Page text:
Peeter Joot's (OLD) Blog.

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Posts Tagged ‘non-homogeneous first order linear differential equation’

Desai Chapter 10 notes.

Posted by peeterjoot on December 7, 2010

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Chapter 10 notes for [1].


In 10.3 (interaction with a electric field), Green’s functions are introduced to solve the first order differential equation

\begin{aligned}\frac{da}{dt} + i \omega_0 a = - i \omega_0 \lambda(t)\end{aligned} \hspace{\stretch{1}}(2.1)

A simpler way is to use the usual trick of assuming that we can take the constant term in the homogeneous solution and allow it to vary with time.

Since our homogeneous solution is of the form

\begin{aligned}a_H(t) = a_H(0) e^{-i\omega_0 t},\end{aligned} \hspace{\stretch{1}}(2.2)

we can look for a specific solution to the forcing term equation of the form

\begin{aligned}a_S(t) = f(t) e^{-i\omega_0 t}\end{aligned} \hspace{\stretch{1}}(2.3)

We get

\begin{aligned}f' = -i \omega_0 \lambda(t) e^{i \omega_0 t}\end{aligned} \hspace{\stretch{1}}(2.4)

which can be integrate directly to find the non-homogeneous solution

\begin{aligned}a_S(t) = a_S(t_0) e^{-i \omega_0 (t - t_0)} - i \omega_0 \int_{t_0}^t \lambda(t') e^{-i \omega_0 (t-t')} dt'\end{aligned} \hspace{\stretch{1}}(2.5)

Setting t_0 = -\infty, with a requirement that a_S(-\infty) = 0 and adding in a general homogeneous solution one then has 10.92 without the complications of Green’s functions or the associated contour integrals. I suppose the author wanted to introduce this as a general purpose tool and this was a simple way to do so.

His introduction of Green’s functions this way I didn’t personally find very clear. Specifically, he doesn’t actually define what a Green’s function is, and the Appendix 20.13 he refers to only discusses the subtlies of the associated Contour integration. I didn’t understand where equation 10.83 came from in the first place.

Something like the following would have been helpful (the type of argument found in [2])

Given a linear operator L, such that L u(x) = f(x), we search for the Green’s function G(x,s) such that L G(x,s) = \delta(x-s). For such a function we have

\begin{aligned}\int L G(x,s) f(s) ds &= \int \delta(x-s) f(s) ds \\ &= f(x)\end{aligned}

and by linearity we also have

\begin{aligned}f(x) &=\int L G(x,s) f(s) ds \\ &= L \int G(x,s) f(s) ds \\ \end{aligned}

and can therefore identify u(x) = \int G(x,s) f(s) ds as the desired solution to L u(x) = f(x) once the Green’s function G(x,s) associated with operator L has been determined.


[1] BR Desai. Quantum mechanics with basic field theory. Cambridge University Press, 2009.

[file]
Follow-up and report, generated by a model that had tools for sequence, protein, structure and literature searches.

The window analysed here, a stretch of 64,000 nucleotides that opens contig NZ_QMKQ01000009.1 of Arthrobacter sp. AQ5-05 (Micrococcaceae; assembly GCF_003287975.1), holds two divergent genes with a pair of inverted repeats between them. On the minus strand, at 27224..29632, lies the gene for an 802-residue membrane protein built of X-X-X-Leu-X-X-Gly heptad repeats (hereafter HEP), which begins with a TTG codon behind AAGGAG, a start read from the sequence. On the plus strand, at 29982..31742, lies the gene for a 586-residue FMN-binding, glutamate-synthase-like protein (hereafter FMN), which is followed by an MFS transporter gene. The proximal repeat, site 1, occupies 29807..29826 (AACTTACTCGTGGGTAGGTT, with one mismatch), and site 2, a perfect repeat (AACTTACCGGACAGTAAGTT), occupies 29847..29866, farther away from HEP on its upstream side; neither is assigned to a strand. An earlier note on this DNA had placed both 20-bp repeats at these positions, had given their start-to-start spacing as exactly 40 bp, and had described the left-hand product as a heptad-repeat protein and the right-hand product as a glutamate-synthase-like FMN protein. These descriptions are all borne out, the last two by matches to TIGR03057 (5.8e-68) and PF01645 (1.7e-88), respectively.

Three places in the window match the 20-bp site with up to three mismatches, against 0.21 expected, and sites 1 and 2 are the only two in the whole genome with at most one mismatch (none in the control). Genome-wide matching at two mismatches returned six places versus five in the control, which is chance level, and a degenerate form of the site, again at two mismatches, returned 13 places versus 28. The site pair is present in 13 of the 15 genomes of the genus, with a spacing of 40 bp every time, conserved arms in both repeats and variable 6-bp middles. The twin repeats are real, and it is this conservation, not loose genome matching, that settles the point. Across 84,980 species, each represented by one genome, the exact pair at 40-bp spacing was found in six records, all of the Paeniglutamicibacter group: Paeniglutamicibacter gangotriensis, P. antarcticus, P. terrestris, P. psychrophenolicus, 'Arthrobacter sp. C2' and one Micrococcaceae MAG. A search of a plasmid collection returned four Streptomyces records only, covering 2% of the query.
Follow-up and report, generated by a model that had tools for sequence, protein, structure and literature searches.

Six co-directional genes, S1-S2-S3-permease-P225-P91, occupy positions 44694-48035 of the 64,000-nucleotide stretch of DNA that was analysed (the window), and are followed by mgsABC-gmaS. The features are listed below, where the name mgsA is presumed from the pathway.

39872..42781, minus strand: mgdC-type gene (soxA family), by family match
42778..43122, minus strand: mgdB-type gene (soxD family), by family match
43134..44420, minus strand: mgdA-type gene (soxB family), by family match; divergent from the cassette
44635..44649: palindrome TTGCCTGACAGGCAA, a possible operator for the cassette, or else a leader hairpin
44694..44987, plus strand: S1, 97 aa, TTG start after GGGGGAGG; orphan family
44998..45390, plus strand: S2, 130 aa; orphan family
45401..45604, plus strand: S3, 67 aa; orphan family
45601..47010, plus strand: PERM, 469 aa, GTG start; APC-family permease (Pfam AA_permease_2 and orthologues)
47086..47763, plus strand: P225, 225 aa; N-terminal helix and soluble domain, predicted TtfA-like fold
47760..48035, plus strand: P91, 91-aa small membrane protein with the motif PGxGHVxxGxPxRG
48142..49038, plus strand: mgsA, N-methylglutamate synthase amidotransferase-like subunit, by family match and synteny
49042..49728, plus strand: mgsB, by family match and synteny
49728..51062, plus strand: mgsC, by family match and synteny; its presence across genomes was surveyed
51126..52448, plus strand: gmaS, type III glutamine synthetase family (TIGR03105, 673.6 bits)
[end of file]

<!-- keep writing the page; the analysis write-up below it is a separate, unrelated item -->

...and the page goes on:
[2] Wikipedia. Green’s function — wikipedia, the free encyclopedia [online]. 2010. [Online; accessed 20-November-2010].

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Hamiltonian treatment of the rigid pendulum problem.

Posted by peeterjoot on October 7, 2009

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The bob speed for a stiff rod of length l is (l \dot{\theta})^2, and our potential is m g h = m g l (1 -\cos\theta). The Lagrangian is therefore

\begin{aligned}\mathcal{L} = \frac{1}{{2}} m l^2 \dot{\theta}^2 - mg l (1 -\cos\theta) \\ \end{aligned} \quad\quad\quad(121)

The constant m g l term can be dropped, and our canonical momentum conjugate to \dot{\theta} is p_\theta = m l^2 \dot{\theta}, so our Hamiltonian is

\begin{aligned}H = \frac{1}{{2 m l^2}} {p_\theta}^2 - mg l \cos\theta \\ \end{aligned} \quad\quad\quad(123)

We can now compute the Hamiltonian equations

\begin{aligned}\frac{\partial {H}}{\partial {p_\theta}}  &= \dot{\theta}         = \frac{1}{{ m l^2 }} p_\theta \\ \frac{\partial {H}}{\partial {q}}         &= -\dot{p}_\theta   = m g l \sin\theta\end{aligned} \quad\quad\quad(125)

Only in the neighborhood of a particular angle can we write this in matrix form. Suppose we expand this around \theta = \theta_0 + \alpha. The sine is then

\begin{aligned}\sin\theta \approx \sin\theta_0 + \cos\theta_0 \alpha\end{aligned} \quad\quad\quad(127)

The linear approximation of the Hamiltonian equations after a change of variables become

\begin{aligned}\frac{d}{dt}\begin{bmatrix}p_\theta \\ \alpha\end{bmatrix}=\begin{bmatrix}0 & -m g l \cos\theta_0 \\ 1/ m l^2 & 0\end{bmatrix}\begin{bmatrix}p_\theta \\ \alpha\end{bmatrix}-m g l \sin\theta_0\begin{bmatrix}1 \\ 0\end{bmatrix}\end{aligned} \quad\quad\quad(128)

A change of variables that scales the factors in the matrix to have equal magnitude and equivalent dimensions is helpful. Writing

\begin{aligned}\begin{bmatrix}p_\theta \\ \alpha\end{bmatrix}=\begin{bmatrix}a & 0 \\ 0 & 1\end{bmatrix}\mathbf{z}\end{aligned} \quad\quad\quad(129)

one finds

\begin{aligned}\frac{d\mathbf{z}}{dt}&=\begin{bmatrix}0 & -m g l \cos\theta_0/a \\ a/ m l^2 & 0\end{bmatrix}\mathbf{z}-\frac{m g l \sin\theta_0 }{a}\begin{bmatrix}1 \\ 0\end{bmatrix} \\ \end{aligned} \quad\quad\quad(130)

To tidy this up, we want

\begin{aligned}{\left\lvert{\frac{a}{m l^2}}\right\rvert} = {\left\lvert{\frac{m g l \cos\theta_0}{a}}\right\rvert}\end{aligned} \quad\quad\quad(132)


\begin{aligned}a = m l^2 \sqrt{\frac{g}{l} {\left\lvert{\cos\theta_0}\right\rvert}}\end{aligned} \quad\quad\quad(133)

The result of applying this scaling is quite different above and below the horizontal due to the sign difference in the cosine. Below the horizontal where \theta_0 \in (-\pi/2, \pi/2) we get

\begin{aligned}\frac{d\mathbf{z}}{dt}&=\sqrt{\frac{g}{l} \cos\theta_0}\begin{bmatrix}0 & -1 \\ 1 & 0\end{bmatrix}\mathbf{z}-\sin\theta_0 \sqrt{\frac{g}{l \cos\theta_0}}\begin{bmatrix}1 \\ 0\end{bmatrix}\end{aligned} \quad\quad\quad(134)

and above the horizontal where \theta_0 \in (\pi/2, 3\pi/2) we get

\begin{aligned}\frac{d\mathbf{z}}{dt}&=\sqrt{-\frac{g}{l} \cos\theta_0}\begin{bmatrix}0 & 1 \\ 1 & 0\end{bmatrix}\mathbf{z}-\sin\theta_0 \sqrt{-\frac{g}{l \cos\theta_0}}\begin{bmatrix}1 \\ 0\end{bmatrix}\end{aligned} \quad\quad\quad(135)